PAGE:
The Associated Press produced a 360-degree video documenting conditions at Calais, the refugee camp in northern France – a place where refugees stay before crossing the English Channel. The AP’s video takes the viewer directly inside the camp for a close-up view of refugee life.

“Solitary Confinement” (Produced by The Guardian)

Dubbed “6×9,” The Guardian’s first VR project gives audiences the chance to explore life inside a prison cell of solitary confinement – a reality for 80,000 people in the US alone. Audiences can experience this story in two forms – the Guardian’s VR app or a 360 video you can watch on the VR headset.

VR in Advocacy

How The United Nations Is Using Virtual Reality To Tackle Real-World Problems – Fast Company

Climate Advocacy Comes to Cannes, by Connect4Climate (event organizer). Excerpt:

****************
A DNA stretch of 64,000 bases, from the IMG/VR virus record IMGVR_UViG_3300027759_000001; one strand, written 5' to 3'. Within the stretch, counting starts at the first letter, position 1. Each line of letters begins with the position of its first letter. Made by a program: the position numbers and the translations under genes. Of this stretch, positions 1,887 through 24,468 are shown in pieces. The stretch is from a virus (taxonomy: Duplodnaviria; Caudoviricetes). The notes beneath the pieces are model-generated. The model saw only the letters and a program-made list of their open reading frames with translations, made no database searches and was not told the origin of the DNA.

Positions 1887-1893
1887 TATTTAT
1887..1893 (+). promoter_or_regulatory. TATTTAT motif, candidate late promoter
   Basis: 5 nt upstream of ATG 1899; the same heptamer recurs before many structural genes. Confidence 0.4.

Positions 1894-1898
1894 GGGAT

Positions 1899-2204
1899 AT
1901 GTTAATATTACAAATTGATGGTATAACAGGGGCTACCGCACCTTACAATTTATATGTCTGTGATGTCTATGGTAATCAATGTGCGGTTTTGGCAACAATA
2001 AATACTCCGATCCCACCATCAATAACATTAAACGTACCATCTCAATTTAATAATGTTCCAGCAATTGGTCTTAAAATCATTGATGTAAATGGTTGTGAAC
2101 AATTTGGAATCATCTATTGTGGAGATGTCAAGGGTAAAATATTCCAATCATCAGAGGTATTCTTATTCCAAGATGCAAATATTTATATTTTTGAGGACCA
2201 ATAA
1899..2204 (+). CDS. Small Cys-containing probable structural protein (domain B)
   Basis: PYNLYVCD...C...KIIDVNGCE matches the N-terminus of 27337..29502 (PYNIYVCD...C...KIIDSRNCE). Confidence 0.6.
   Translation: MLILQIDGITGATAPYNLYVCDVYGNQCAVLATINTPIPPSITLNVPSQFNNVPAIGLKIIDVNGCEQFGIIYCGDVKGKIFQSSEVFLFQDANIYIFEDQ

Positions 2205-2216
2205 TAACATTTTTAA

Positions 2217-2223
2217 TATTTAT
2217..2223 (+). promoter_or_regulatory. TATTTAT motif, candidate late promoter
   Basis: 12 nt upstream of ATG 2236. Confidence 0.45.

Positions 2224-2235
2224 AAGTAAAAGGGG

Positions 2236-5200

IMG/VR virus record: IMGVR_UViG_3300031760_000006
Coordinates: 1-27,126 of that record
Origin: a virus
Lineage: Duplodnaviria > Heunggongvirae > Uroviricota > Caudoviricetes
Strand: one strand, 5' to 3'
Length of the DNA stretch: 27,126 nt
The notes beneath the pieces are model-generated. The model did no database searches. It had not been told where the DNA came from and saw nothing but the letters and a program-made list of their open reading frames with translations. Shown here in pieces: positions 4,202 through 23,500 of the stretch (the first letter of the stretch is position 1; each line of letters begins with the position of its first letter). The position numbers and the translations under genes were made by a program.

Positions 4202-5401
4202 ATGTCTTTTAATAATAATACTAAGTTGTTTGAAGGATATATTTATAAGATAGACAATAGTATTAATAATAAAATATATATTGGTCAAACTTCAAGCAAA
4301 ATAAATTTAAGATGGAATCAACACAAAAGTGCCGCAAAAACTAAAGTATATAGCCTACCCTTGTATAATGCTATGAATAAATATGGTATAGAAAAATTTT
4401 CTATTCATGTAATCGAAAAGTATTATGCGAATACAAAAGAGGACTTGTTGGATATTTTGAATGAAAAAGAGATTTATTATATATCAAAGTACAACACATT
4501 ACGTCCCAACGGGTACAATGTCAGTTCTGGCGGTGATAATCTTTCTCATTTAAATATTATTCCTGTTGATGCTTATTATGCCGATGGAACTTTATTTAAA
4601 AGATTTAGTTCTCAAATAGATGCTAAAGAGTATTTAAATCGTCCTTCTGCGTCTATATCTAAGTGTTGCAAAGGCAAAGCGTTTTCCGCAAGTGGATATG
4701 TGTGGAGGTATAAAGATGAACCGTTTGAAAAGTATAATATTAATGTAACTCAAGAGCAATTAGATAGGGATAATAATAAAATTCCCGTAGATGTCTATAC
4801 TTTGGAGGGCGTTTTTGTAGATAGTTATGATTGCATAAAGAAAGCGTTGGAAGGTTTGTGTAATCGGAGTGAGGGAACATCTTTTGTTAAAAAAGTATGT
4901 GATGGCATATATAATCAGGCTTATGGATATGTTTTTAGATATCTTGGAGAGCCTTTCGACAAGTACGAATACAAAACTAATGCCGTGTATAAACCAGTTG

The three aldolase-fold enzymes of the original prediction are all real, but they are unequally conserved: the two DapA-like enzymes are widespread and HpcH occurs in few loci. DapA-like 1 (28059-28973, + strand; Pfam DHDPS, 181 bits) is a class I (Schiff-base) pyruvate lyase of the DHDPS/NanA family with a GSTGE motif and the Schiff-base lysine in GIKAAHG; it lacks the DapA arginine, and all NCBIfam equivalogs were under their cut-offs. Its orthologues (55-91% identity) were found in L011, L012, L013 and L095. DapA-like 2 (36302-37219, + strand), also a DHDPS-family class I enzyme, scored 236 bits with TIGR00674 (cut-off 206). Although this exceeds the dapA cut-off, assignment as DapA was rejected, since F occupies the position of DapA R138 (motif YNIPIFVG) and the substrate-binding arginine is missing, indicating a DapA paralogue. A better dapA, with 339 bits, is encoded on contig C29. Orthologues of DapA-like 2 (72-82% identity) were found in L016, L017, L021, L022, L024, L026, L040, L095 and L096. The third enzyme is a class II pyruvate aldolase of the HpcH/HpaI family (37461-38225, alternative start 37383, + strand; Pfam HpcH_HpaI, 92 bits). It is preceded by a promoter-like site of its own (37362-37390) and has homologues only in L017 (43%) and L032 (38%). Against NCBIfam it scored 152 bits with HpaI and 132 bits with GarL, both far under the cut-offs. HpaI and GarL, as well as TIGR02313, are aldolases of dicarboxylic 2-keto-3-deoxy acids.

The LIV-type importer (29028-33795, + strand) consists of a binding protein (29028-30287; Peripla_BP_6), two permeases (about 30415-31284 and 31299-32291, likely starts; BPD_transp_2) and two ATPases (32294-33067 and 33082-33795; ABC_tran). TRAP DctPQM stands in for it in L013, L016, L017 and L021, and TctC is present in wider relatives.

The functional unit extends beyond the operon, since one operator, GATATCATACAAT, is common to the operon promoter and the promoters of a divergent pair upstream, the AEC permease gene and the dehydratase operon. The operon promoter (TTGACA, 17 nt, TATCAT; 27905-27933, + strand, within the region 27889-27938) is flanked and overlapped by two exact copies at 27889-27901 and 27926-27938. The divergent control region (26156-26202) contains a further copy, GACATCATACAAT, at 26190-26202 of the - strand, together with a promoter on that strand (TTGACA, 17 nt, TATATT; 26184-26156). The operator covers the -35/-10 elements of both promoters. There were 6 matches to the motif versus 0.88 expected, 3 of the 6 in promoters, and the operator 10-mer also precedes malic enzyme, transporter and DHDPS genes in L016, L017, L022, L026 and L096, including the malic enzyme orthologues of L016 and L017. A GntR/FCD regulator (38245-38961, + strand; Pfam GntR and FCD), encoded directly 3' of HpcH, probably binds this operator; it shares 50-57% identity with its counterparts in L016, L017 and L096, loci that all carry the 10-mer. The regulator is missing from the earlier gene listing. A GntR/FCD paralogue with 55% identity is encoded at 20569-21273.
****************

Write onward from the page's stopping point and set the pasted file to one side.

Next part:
The Connect4Climate team will also be presenting a number of thematically and geographically diverse VR experiences drawn from the World Bank’s growing catalogue: Lumana: Overcoming Fragility (on finding peace amidst turmoil in wartorn Niger), Our Home: Our People (on the courage and optimism of Fijians confronting climate change), The Role of Water, Sanitation and Hygiene: Reducing Malnutrition in Laos (on Laotian families striving to better the lives of thier children), Clean Cooking in Rwanda (on the difference a simple stove upgrade can make to families and to the planet) and March4Earth (on a historic climate march in Rome blessed by Pope Francis).

These virtual reality narratives will illlustrate the World Bank’s commitment to increasing global empathy and awareness through a bold new medium, and will speak more specifically to VR’s ability to motivate action to stem the tide of climate change and lift global citizens out of poverty.

Demonstrating virtual reality research to lawmakers — American Psychological Association

Students With Autism Get Virtual Reality Lessons in How to Interact With Police – Education Week

How virtual reality could help Congress understand the issues, by Joshua Habursky and Mike Fulton, The Hill, December 21, 2016. Excerpt: